It wasn’t completely plain sailing though. In the final few seconds of time added on for the injuries picked up during the opening period, Ajay Leitch Smith halved the arrears for the Blues by capitalising on the indecision in Mossley's back line caused by the enforced reshuffling.

Despite the fresh edge given to the game by the home sides deficit reducer, the game pottered along in an incident-free fashion after the restart; no blood, no thunder, no much of anything of note until the 62nd minute when Mossley restored their two goal lead from the penalty spot. A cross from Lee Blackshaw was prevented from reaching its intended target of McDonagh by the outstretched arm of Phil Edgehill and after a couple of minutes of waiting while a few Curzon players argued the toss with the match official, Matty Kay got to rifle home his 25th goal of the campaign.

Somewhere at the bottom of the pile lies Matty Kay after scoring the penalty.

It should have been the ‘Game Over’ goal but not being a side to do things the easy way, Mossley then conceded a soft free-kick and from it an even softer goal (that Lilywhites speciality - a free header) and what was left of the nerves amongst the travelling fans began to slowly shred, fray and ping into the oblivion of history as the ten men of Curzon began to see more and more of the ball.

Over the twenty or so minutes of the game that were left the home side put their opponents under a considerable amount of pressure; pressure that generated more than a few fraught moments which had the Mossley supporters inside the stadium drawing sharp intakes of breath.

Looking back on that closing period in the cold light of a cold day though, with the three points nestling safely in our season’s tally and away from the anxiety heightened state of supporting a team holding on to a slender one goal lead, Curzon didn't really come that close to rescuing the game. If anything it was the Lilywhites who, while seeing less of the ball, came closest to finding the back of the net again through McDonagh and Fish – which should really be the title of a US television cop show.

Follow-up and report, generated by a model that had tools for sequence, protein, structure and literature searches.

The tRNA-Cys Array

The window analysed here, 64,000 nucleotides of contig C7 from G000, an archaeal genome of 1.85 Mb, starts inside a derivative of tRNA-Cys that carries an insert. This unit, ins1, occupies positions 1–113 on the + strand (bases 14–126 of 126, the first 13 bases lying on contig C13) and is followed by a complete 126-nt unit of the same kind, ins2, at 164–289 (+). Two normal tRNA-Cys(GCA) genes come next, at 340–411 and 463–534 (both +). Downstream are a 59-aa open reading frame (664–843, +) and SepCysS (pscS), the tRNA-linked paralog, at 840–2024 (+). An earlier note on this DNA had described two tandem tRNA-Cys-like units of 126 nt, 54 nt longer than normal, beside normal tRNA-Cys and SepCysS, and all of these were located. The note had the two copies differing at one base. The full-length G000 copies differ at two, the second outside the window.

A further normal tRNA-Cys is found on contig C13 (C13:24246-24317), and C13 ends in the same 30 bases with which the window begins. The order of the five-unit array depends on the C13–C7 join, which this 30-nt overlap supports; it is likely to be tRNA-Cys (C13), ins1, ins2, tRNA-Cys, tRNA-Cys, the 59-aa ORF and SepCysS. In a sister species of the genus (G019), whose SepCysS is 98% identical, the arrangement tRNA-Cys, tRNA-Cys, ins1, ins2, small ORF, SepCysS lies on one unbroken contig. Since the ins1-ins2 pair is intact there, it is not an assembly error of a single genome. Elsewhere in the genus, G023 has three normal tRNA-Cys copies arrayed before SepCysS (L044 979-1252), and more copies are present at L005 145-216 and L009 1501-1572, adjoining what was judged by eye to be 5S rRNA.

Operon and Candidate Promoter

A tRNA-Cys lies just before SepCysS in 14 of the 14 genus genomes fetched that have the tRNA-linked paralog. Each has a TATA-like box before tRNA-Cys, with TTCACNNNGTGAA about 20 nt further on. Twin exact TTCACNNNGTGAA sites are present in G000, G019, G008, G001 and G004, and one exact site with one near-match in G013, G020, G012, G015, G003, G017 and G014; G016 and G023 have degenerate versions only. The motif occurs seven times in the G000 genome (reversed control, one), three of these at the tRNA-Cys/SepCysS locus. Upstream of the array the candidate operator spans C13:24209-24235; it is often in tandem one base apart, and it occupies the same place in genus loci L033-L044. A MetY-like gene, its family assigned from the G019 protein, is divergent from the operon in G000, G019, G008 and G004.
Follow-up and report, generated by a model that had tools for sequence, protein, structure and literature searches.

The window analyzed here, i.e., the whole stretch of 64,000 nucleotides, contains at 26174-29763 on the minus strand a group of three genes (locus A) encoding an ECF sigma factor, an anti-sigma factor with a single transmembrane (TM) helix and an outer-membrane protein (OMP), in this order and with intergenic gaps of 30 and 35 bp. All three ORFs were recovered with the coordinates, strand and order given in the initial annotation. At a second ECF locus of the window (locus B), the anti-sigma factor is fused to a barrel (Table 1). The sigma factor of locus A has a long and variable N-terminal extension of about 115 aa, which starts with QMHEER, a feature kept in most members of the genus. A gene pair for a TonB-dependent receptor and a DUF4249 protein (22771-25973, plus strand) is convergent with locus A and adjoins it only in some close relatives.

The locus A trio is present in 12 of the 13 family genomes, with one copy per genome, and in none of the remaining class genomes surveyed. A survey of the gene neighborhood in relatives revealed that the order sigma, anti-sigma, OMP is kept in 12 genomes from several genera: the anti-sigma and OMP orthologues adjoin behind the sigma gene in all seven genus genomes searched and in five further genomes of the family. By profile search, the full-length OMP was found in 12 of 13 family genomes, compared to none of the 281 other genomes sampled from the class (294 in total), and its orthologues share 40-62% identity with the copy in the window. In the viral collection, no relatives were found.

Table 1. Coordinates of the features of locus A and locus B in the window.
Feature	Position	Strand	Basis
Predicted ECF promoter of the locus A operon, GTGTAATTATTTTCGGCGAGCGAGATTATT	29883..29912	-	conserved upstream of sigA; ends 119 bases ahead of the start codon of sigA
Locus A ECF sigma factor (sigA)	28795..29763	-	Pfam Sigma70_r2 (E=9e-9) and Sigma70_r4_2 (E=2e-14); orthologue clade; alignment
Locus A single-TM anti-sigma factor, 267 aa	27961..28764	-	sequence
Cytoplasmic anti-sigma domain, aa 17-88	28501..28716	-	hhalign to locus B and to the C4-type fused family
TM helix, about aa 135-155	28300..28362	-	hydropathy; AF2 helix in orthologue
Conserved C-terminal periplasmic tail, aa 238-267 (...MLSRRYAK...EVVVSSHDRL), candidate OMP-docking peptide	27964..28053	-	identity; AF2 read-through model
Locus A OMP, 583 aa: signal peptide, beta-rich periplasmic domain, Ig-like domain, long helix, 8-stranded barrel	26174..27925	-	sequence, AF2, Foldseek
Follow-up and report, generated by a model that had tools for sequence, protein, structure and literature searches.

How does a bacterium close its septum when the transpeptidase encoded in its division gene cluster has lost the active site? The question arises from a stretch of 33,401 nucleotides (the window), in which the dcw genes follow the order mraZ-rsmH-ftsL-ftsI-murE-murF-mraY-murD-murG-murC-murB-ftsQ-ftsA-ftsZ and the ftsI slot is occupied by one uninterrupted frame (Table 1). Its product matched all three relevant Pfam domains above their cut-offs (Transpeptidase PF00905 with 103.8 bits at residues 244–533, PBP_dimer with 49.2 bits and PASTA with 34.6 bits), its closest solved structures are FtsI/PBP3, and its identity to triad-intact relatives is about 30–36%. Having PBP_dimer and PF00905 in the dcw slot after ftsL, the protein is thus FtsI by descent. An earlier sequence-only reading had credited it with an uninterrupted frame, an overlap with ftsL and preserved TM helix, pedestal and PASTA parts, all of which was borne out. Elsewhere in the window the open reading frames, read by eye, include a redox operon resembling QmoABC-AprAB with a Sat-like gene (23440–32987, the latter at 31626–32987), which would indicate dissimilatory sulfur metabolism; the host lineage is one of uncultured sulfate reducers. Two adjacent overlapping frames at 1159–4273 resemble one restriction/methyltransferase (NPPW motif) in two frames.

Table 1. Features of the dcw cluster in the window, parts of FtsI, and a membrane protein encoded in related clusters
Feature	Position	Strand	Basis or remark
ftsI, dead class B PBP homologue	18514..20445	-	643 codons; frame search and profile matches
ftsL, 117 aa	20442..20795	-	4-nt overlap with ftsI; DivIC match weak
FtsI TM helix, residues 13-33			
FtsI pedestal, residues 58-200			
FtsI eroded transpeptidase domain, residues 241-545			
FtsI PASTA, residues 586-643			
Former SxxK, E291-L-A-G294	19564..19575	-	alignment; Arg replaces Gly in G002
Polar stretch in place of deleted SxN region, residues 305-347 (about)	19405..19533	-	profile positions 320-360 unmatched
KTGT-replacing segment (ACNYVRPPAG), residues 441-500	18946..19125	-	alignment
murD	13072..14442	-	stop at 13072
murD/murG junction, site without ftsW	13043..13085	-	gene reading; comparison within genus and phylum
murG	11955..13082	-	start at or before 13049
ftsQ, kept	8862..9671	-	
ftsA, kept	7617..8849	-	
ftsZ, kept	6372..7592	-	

The final whistle was greeted, as you would expect, with an audible sigh of relief and a loud appreciation of the sides efforts from the crowd that despite the best efforts of the man with his hand on the volume button, managed to make itself heard above the rendition of “Wish Me Luck As You Wave Me Goodbye” blaring out over the speakers.

The result leaves us with a number of positives. First and foremost it’s another win and another three points. Secondly, it’s a ‘derby’ victory which is something we haven’t seen too much of in recent years and it’s also a stick between the spokes of Curzon's push for a play-off spot which I'm sure you'll agree is adds a nice little garnish to the event.

Finally, even though I did say some hundred or so paragraphs back that it wasn't a good game, considering the number of changes to key personnel that had to be made before and during the match, it was an impressive team performance.

Yes, we did struggle to make the extra man count but that has always been and probably always will be the case; no matter how often the managers and players change our inability to play well against ten men has, along with the white shirts, been the only constant at Seel Park down the years.

For other opinions on what happened there's the official Mossley view here and the similarly official view from the other side here.

If you went to the game it's worth reading the opposition report just to see the amount of whitewash that has been applied to turn what actually happened on Bank Holiday Monday into a tale about poor, hard done to Curzon. The claim that Norton's stamp was somehow accidental is quite phenomenal and as for the penalty being wrong because it came off Edghill's chest... well, why let facts get in the way of a fake story of woe?

According to the official Curzon take on proceedings, this is a ball coming off Edgehill's chest and the reason why it wasn't a penalty. I don't know about you but I feel foolish now because I've spent all my life calling that thing on the the outer end of my arm a hand.

Seriously, the report is the greatest work of fiction since Curzon's financial records between 2005 and 2008. Hopefully for the return fixture next week the Ashton reporter will be at the game and not at the one taking place at the same time in alternate reality as he appears to have been on Monday.

Before I go though could I air this small request to the team? Just once before the season ends, could we possibly have a match where we win in comfort? Where the result is decided without the fear of a late goal changing the outcome? It would be nice and go some way to weaning me off the nerve tablets that all these years of watching Mossley has put me on. It would be appreciated.

Do you remember way back ^ there when I said it wouldn’t take long to talk about the match? Well, er... sorry about that!